Announcing his retirement from the city school system the other day, Boyse F. Mosley, the controversial principal of Northwestern High School, declared that "public education, as we know it, is dead."
He told a reporter that he had "lost faith" in Baltimore schools. He also declared that "we can no longer fix" the system.
Mr. Mosley's comments ought not go unchallenged, although no doubt they've already reinforced the opinion of many that the city system is an unrelieved barren wasteland much like that described by the Northwestern principal himself in his parting remarks. (But not imminently parting. Mr. Mosley, 58, will not retire until June, which means he will preside over the Northwestern arm of the dead body for another seven months.)
Mr. Mosley has been at it in the city for 28 years, and through most of that time he has been lionized by the press. It was we who attached that word "controversial" -- sometimes we said "outspoken," sometimes "best-known," sometimes "flamboyant" -- to him at every first reference. He was always good for a quote, especially after he became locally famous for his work as a right-wing radio talk-show commentator and star of a weekly television shouting match. Mr. Mosley comes from the school of strict discipline made famous in recent years by Joe Clark, the New Jersey principal who enforced rules in his school with a baseball bat. (Mr. Clark, too, was a media darling, having been adopted as a model by former Secretary of Education William Bennett.)
Through the years, Mr. Mosley criticized his bosses in public -- and got away with it. Most recently, he said Mayor Schmoke should have fired Superintendent Richard Hunter. "You've got Dr. Hunter making all this money," Mr. Mosley declared, "and he's just a public relations man. Isn't that essentially what he does? I was hoping he'd call up each of the principals and say to us, 'Let's look at your program.' "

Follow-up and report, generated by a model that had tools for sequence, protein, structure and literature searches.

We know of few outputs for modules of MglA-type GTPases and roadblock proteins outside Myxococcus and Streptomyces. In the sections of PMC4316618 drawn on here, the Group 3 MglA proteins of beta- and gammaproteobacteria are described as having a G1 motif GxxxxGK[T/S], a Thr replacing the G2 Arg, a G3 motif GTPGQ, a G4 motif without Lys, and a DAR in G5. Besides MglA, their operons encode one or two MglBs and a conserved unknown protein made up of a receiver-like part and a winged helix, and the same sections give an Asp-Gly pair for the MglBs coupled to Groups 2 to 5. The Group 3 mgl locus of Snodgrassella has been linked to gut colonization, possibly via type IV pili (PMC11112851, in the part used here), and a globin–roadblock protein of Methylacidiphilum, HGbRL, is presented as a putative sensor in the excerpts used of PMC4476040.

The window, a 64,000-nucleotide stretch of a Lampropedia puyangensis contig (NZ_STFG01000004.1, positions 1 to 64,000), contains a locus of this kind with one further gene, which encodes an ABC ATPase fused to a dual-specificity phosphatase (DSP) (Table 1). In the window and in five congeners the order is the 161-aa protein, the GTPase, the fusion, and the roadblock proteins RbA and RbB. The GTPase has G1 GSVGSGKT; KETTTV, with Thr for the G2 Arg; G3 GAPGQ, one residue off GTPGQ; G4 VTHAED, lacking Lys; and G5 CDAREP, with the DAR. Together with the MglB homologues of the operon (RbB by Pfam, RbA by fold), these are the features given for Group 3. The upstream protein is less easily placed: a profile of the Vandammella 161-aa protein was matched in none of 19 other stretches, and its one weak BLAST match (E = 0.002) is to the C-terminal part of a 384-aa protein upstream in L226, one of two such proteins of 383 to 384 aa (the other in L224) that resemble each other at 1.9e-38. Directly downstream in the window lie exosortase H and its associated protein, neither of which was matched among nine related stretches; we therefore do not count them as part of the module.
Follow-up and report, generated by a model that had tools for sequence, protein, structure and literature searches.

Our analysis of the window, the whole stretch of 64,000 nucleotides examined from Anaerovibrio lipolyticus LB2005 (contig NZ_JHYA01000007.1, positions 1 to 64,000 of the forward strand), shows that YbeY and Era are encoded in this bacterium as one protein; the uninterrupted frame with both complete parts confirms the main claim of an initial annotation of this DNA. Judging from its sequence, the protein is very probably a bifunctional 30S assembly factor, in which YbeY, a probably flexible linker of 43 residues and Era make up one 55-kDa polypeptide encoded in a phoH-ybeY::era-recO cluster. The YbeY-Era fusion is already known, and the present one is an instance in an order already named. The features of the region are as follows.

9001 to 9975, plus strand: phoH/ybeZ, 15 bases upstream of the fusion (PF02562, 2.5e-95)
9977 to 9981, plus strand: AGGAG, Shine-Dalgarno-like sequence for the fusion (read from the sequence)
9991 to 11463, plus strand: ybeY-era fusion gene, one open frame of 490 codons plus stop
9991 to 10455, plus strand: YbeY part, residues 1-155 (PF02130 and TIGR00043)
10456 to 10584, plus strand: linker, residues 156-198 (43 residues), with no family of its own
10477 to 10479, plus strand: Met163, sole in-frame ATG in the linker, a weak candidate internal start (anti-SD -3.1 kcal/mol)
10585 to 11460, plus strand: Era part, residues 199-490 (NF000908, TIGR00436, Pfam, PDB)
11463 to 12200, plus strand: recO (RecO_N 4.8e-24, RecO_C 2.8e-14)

Well, that is apparently what Walter G. Amprey, the new superintendent who has been calling principals into his office one by one, did on the day before Mr. Mosley announced his "voluntary" retirement.
What Dr. Amprey found was that Mr. Mosley's school has one of the worst records in the city -- and there are schools with worse "socio-economic profiles." In fact, Northwestern failed miserably on the second annual state "report card." As Mr. Mosley himself pointed out, "We're not doing much." The school failed to make the grade in all 13 state categories and listed 59.2 percent of its student body chronically absent last year.
Mr. Mosley said this was in spite of his best efforts. "I'm tired of their [students'] foul language and abuse," he said. "I'm tired of driving through the neighborhood looking for them. I'm tired of going to Reisterstown Road Plaza and dragging them back to school."
Other principals and administrators in the city system are tired, too, but they keep at it without the publicity attending the Northwestern principal. Few of them have report card "grades" that are worth crowing about. None would say that city schools are near recovery from years of decline. But many run schools that are under control, schools where students are clearly learning, where teachers are excited about what they're doing and where parents and community leaders are involved. Insiders say that none of these is a characteristic of Northwestern, nor was it of Lake Clifton, the previous high school where Mr. Mosley presided.
City principals are a home-grown crop. Most of them have worked their way through the system, rising from teacher to assistant principal to principal. They've endured a good deal, including numerous changes at the top (eight superintendents since 1960), numerous central office reorganizations, enough educational programs (most dictated from the central office with little or no staff training to put them into effect) to give anyone a headache and the gradual deterioration of discipline among students. Only last year did elementary principals get half-time assistants; until then they were school chief, nurse, counselor and principal rolled into one.
By and large, they are savvy. They know that principals not only rule their schools but their neighborhoods, even their communities. "Every day effective principals are outside with their children," says Sheila Kolman, principal of West Baltimore Middle School and president of the Public School Administrators and Supervisors Association, the principals' union. "If a problem occurs on a school bus or in the neighborhood after school, it's exactly as if it happened inside the school."